Category: Echoes through time

Echoes through time: the totality of all Being

Think of the totality of all Being, and what a mite of it is yours; think of all Time, and the brief fleeting instant of it that is allotted to yourself; think of Destiny, and how puny a part of it you are.

Marcus Aurelius (AD 120 – 180), Meditations (5.24)

I also quite like the Gregory Hays’ translation of this:

Remember:

Matter. How tiny your share of it.

Time. How brief and fleeting your allotment of it.

Fate. How small a role you play in it.

 

Echoes through time: even self-restraint can comb its hair

The rough clothes, the rank growth of hair and beard, the sworn hatred of silverware, the pallet laid on the ground: all these and any other perverse form of self-aggrandisement are things you should avoid…

The life we endeavour to live should be better than the general practice, not contrary to it…

Philosophy demands self-restraint, not self-abnegation – and even self-restraint can comb its hair.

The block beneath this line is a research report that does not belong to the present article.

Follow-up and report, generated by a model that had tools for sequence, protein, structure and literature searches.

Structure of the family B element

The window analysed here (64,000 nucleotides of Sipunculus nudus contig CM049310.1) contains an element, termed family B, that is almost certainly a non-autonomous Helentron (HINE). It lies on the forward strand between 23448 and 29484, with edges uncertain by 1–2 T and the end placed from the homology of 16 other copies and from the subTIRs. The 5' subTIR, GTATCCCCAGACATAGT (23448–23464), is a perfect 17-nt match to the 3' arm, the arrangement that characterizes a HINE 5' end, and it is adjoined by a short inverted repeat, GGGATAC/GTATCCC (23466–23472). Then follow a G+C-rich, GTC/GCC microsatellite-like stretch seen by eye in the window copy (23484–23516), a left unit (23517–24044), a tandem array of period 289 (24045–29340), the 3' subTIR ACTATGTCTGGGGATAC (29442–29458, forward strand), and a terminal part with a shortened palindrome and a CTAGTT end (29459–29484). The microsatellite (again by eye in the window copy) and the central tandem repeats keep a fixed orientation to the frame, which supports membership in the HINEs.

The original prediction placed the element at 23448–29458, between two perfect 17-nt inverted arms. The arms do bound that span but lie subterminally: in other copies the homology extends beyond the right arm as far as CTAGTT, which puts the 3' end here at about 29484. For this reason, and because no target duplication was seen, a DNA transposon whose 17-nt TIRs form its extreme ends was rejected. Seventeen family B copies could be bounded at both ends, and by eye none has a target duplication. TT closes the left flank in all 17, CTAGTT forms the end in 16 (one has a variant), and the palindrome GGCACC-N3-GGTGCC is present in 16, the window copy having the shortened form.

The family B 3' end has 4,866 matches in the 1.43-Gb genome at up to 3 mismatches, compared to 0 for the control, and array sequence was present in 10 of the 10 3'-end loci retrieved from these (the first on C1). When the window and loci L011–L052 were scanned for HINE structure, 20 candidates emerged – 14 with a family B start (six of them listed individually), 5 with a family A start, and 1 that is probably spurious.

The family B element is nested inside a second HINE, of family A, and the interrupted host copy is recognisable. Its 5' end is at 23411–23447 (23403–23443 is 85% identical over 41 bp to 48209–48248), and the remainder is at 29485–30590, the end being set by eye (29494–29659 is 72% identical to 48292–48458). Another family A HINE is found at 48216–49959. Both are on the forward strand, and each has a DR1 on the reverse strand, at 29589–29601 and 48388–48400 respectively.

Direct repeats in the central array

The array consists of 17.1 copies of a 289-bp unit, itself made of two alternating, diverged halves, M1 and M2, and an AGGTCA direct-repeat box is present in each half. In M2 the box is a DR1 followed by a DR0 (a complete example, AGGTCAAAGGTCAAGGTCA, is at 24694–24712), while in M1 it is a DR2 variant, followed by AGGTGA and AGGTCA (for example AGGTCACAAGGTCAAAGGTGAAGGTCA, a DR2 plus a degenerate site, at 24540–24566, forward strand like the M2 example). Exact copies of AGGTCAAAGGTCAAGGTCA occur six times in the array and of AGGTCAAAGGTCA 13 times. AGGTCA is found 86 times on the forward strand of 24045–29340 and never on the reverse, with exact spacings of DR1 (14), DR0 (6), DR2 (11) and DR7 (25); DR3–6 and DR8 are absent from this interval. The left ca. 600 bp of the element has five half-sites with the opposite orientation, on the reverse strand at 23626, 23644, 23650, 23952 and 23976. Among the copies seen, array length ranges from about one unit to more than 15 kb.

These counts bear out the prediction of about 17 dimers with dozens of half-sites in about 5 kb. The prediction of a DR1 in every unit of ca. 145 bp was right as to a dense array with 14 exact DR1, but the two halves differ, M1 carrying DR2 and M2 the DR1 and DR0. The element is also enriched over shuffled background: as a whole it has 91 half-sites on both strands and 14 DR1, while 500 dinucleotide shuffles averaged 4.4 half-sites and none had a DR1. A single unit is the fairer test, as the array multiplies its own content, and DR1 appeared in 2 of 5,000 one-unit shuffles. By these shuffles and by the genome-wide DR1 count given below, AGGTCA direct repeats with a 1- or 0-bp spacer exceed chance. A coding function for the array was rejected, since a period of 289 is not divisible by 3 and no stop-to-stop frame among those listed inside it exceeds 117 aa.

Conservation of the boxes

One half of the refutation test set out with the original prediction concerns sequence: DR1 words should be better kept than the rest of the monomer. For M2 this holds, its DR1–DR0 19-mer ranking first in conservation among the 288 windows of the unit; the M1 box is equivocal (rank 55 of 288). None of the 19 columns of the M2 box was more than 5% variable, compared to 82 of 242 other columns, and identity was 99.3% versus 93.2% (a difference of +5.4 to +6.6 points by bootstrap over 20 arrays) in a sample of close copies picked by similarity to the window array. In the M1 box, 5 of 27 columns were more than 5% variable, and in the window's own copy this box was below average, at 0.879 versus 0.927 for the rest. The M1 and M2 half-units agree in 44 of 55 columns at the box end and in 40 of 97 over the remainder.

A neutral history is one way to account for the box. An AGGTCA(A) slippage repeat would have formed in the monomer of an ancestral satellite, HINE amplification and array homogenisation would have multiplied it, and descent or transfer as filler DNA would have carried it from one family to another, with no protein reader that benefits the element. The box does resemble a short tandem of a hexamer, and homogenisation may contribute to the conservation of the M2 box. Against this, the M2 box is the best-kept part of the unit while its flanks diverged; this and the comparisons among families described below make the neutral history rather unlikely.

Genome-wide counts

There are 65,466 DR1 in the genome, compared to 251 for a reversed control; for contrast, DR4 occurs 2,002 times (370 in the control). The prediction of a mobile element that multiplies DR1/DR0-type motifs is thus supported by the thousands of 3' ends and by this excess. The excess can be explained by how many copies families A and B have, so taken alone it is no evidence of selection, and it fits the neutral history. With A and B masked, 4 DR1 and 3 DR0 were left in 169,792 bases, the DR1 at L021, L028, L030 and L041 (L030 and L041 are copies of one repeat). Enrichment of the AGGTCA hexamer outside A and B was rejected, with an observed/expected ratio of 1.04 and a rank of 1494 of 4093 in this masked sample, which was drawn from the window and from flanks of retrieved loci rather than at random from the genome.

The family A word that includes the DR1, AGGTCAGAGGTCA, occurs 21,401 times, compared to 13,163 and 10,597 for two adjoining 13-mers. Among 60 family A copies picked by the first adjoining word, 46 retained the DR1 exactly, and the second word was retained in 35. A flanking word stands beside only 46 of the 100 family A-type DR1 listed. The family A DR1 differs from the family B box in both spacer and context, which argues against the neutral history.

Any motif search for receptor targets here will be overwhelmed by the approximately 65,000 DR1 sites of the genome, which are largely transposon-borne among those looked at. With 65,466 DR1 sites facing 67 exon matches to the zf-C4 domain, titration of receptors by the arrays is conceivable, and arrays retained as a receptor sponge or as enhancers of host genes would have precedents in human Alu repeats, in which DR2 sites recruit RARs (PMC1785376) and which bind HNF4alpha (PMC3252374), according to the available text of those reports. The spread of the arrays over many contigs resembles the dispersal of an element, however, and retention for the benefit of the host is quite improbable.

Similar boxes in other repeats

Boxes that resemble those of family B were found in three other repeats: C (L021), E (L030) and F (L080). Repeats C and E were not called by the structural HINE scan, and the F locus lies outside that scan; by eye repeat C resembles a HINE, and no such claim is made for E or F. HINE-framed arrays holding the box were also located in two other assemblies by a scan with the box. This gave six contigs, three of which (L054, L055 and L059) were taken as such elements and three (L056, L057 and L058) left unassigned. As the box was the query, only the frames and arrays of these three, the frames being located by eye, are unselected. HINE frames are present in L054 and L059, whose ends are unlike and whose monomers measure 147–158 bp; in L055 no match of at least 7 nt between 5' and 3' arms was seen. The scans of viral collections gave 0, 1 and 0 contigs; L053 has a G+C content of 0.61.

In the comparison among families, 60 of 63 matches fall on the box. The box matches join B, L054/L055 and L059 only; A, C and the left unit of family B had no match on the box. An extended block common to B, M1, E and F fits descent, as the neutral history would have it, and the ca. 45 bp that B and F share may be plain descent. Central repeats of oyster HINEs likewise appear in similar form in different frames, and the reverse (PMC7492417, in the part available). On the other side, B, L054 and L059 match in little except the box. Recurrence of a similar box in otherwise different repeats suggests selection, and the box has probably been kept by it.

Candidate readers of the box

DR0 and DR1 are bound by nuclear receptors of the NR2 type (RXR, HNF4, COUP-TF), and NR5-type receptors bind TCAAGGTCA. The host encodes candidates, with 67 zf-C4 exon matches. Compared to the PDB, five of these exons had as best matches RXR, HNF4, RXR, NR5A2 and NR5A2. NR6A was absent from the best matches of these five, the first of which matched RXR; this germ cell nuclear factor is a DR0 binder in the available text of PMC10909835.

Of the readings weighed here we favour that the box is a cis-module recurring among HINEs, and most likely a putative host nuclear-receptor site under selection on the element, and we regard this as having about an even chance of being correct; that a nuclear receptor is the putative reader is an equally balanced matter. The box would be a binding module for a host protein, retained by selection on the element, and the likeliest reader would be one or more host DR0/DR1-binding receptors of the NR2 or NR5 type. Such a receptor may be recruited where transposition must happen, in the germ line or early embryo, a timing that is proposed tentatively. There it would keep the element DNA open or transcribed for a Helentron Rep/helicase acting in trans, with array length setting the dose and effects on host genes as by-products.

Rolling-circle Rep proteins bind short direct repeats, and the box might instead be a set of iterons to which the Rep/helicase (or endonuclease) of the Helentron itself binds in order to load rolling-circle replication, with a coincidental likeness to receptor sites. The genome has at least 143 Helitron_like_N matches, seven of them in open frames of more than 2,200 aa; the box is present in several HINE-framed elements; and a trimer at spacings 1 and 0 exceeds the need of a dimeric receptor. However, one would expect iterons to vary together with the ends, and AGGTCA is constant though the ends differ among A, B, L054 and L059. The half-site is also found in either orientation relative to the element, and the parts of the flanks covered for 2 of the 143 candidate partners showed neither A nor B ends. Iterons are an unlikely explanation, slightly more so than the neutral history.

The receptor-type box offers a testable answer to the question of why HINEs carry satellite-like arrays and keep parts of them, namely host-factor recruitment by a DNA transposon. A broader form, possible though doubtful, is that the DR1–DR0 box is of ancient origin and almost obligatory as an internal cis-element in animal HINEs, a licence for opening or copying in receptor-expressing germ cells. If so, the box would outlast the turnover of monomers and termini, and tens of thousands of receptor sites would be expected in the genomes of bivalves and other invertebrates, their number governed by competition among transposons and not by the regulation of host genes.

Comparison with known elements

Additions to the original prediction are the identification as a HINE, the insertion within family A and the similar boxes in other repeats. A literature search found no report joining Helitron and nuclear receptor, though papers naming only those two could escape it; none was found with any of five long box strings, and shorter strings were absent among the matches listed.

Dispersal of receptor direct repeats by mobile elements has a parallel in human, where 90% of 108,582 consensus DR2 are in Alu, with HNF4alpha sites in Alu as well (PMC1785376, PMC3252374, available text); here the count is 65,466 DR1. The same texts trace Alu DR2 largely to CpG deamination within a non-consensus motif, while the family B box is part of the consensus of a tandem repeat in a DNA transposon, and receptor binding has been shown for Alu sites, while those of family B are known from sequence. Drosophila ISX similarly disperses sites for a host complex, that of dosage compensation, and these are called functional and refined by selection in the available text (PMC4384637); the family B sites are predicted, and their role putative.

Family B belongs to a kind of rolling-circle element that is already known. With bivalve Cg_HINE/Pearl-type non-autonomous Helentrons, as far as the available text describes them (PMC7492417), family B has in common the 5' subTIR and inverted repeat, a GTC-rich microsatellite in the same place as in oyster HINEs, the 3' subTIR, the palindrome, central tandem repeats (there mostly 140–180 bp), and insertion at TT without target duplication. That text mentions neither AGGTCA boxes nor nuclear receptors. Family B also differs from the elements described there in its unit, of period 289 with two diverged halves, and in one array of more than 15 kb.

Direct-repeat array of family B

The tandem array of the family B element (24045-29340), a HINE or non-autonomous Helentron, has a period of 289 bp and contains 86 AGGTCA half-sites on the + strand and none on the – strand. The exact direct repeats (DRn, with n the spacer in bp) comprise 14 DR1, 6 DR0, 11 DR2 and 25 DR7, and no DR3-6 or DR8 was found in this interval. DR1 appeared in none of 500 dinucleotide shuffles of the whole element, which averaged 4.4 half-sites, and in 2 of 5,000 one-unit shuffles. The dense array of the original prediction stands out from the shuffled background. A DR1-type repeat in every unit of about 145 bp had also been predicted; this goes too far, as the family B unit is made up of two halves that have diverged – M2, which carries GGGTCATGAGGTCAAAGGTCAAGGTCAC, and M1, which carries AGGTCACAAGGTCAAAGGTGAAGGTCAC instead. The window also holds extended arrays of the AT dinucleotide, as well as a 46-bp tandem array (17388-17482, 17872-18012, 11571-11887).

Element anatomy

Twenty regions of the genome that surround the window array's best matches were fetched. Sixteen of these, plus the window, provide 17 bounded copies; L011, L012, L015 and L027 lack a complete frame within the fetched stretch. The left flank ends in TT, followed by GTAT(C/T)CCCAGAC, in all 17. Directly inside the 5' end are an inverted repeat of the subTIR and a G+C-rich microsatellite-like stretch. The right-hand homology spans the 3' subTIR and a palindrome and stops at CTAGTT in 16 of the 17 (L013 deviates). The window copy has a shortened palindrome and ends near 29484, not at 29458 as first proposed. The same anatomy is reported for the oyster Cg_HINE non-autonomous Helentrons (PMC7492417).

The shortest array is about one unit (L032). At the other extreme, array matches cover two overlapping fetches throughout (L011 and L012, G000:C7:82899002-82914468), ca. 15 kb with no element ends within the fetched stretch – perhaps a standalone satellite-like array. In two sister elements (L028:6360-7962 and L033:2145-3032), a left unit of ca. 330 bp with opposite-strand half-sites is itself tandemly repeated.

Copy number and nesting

Seneca (4 BC – AD 65),  Moral Letters to Lucilius (5.2 – 5.5)

Echoes through time: what nature gives us

Each of us needs what nature gives us, when nature gives it.

Marcus Aurelius (AD 120 – 180), Meditations (10.20)

Note: I usually quote the Maxwell Staniforth translation from the Penguin Great Ideas edition. However, for this I preferred the more recent (and much lauded) Gregory Hays translation from 2003.

 

Echoes through time: whoever offers to another a bargain

Whoever offers to another a bargain of any kind, proposes to do this. Give me that which I want, and you shall have this which you want, is the meaning of every such offer; and it is in this manner that we obtain from one another the far greater part of those good offices which we stand in need of. It is not from the benevolence of the butcher, the brewer, or the baker that we expect our dinner, but from their regard to their own interest. We address ourselves, not to their humanity but to their self-love, and never talk to them of our own necessities but of their advantages. Nobody but a beggar chooses to depend chiefly upon the benevolence of his fellow-citizens.

Adam Smith (1723 – 1790), An Inquiry into the Nature and Causes of the Wealth of Nations

Too often, focus is on the [wicked] “self-love” rather than on the proper context.

 

Image: Shutterstock